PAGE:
March 5 – The Community Loan Fund of the Capital Region knows that Millennials want to be investors and philanthropists – there’s just a lot that gets in their way: student loan debt, credit card debt, unemployment, shrinking wages. On March 10, the Community Loan Fund, in partnership with Simmons Capital Group, will present a free workshop, “Financial Planning: 5 Tips for Emerging Investors.” The workshop will be a fun primer for emerging investors to learn about first steps that will set them up for later financial success.
The workshop will also introduce impact investing, a topic that’s proven to be important to Millennials. In fact, studies have consistently shown Millennials are more concerned with social responsibility and philanthropy than previous generations.
According to a study conducted by fundraising firm Blackbaud, a larger percentage of Millennials give to charitable organizations than other generations; 84% of Millennials donate to causes and charities, as opposed to 72% of Baby Boomers or 59% of Generation X. Moreover, even though Millennials don’t always have extra cash, they are still contributing through donated clothes, food, supplies and volunteering their time, demonstrating that their inclination to give is strong. And according to Spectrum Group, Millennials and Gen X investors are more concerned about socially responsible investing than previous generations.
To meet emerging needs and engage this new generation of impact investors, the Community Loan Fund launched the Emerging Investors Network. The Emerging Investors Network allows investors to make monthly installments of $100 to reach the minimum $1000 investment in the Community Loan Fund. Investments, in turn are lent to minority and women-owned businesses and local nonprofits who build affordable housing and support vital community services.
The program also offers financial education, like the upcoming March 10 workshop, plus opportunities to meet Loan Fund borrowers and witness first-hand the difference their investment is making in the local community.
“I choose to invest in the Community Loan Fund Emerging Investors Network because I saw it as a pathway to allow fellow community members to support one another in a way that was accessible and meaningful. Community Loan Fund has provided a way to let local community members support each other. It’s neighbors investing in neighbors,” says Gabriella Cebada Mora. “I was looking for a constructive and impactful way to support and bolster local business, local entrepreneurs, local community and I found that through the Community Loan Fund’s Emerging Investors.”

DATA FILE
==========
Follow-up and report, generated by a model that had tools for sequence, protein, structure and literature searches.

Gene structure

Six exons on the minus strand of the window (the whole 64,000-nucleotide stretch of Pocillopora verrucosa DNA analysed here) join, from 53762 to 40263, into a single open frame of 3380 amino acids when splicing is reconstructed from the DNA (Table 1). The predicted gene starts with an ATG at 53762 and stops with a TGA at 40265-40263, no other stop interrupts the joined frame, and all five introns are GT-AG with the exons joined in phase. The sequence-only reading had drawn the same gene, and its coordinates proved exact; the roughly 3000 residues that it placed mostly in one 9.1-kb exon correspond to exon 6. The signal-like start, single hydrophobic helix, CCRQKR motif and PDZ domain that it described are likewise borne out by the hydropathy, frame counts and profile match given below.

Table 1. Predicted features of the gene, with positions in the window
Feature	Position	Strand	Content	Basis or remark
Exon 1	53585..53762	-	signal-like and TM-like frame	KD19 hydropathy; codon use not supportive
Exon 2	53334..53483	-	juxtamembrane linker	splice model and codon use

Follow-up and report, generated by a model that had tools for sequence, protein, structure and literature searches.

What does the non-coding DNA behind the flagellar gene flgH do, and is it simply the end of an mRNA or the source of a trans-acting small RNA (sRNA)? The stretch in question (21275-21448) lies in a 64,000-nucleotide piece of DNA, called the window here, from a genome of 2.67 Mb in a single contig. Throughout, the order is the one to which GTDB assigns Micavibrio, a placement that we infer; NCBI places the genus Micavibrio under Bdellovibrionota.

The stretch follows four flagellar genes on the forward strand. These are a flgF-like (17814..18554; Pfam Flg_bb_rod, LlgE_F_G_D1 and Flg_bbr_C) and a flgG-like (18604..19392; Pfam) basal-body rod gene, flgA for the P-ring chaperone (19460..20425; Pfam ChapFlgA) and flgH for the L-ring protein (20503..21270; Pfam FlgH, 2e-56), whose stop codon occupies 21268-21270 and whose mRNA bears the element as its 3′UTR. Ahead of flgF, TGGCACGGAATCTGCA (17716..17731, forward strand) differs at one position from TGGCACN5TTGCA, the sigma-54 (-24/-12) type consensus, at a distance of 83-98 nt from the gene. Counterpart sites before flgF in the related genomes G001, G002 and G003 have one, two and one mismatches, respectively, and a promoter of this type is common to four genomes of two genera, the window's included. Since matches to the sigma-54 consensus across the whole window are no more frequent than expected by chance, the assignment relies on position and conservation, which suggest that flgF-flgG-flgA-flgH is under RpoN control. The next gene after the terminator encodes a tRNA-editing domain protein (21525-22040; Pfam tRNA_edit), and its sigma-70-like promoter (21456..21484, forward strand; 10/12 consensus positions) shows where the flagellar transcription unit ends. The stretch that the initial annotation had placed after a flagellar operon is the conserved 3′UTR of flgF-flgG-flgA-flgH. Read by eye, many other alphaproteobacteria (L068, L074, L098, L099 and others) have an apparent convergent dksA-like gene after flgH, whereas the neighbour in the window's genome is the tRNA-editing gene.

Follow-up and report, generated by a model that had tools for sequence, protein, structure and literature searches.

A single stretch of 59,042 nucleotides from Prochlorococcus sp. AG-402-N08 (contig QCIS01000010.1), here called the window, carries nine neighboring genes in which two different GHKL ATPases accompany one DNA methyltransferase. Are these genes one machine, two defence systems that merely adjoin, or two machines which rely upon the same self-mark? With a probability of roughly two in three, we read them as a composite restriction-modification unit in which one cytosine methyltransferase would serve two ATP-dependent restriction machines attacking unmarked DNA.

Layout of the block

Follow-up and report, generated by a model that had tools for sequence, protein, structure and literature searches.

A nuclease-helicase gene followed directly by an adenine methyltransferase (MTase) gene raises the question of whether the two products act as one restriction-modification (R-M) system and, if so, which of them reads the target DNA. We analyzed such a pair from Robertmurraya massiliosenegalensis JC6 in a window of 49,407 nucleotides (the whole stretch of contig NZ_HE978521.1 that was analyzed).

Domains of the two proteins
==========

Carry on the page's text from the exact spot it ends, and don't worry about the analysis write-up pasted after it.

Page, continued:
Cebada Mora says that she appreciates the way that the organization “creates spaces that let local people contribute in the ways they can, be it donation or entrepreneurial endeavors, to ensure equal access and opportunity for all.” That is what it takes to build a strong, resilient and inclusive community, she says.
“The Emerging Investors Network is helping us make impact investing more accessible. This program has not only helped young investors get started, it’s made it possible for church groups and community organizations to band together to make investments in our organization,” says Linda MacFarlane, Executive Director of the Community Loan Fund of the Capital Region.
Beloved Community began their investment through the Emerging Investors Network last year with 11 of their members. “We are an anti-racist group and we wanted to support people of color in their entrepreneurial pursuits. When we learned that at least 59% of Community Loan Fund borrowers are people of color, we decided we wanted to help with that effort,” says Fredda Peritz, a member of Beloved Community. They are so pleased with the results of their investment that they are renewing their commitment again this year, and collectively investing another $1,000, Peritz says.
All investments are repaid, with interest. Dividends range from 0.50% to 1.75%, depending on the term of the investment. But the biggest incentive for investors has been the desire to give back to their local community and be part of neighborhood revitalization activities.
“The Community Loan Fund’s growing number of investors – over 300 individuals and community groups – enjoy a 100% repayment rate, but more importantly, they can feel good about the fact that their investments are delivering impressive social returns,” says MacFarlane. “Their money is being reinvested right in the communities where they live.”
“Financial Planning: 5 Tips for Emerging Investors” will take place on March 10 from 6pm-8pm at Bard & Baker Board Game Café on Broadway in Troy, with free games and refreshments provided. This is not a typical financial planning workshop!
“In my work with younger, millennial investors, I am consistently shocked at the confusion around even the most basic aspects of managing money. Confusion regarding how to pay down debt, save for retirement and balance a desire to be generous with being financially responsible are some of the most common questions that I get asked,” says Darren Leader, Director of Research & Financial Planning for Simmons Capital Group in Halfmoon. “That is why I love speaking to young people about these things and providing practical tips and ideas to help them get onto the right path.”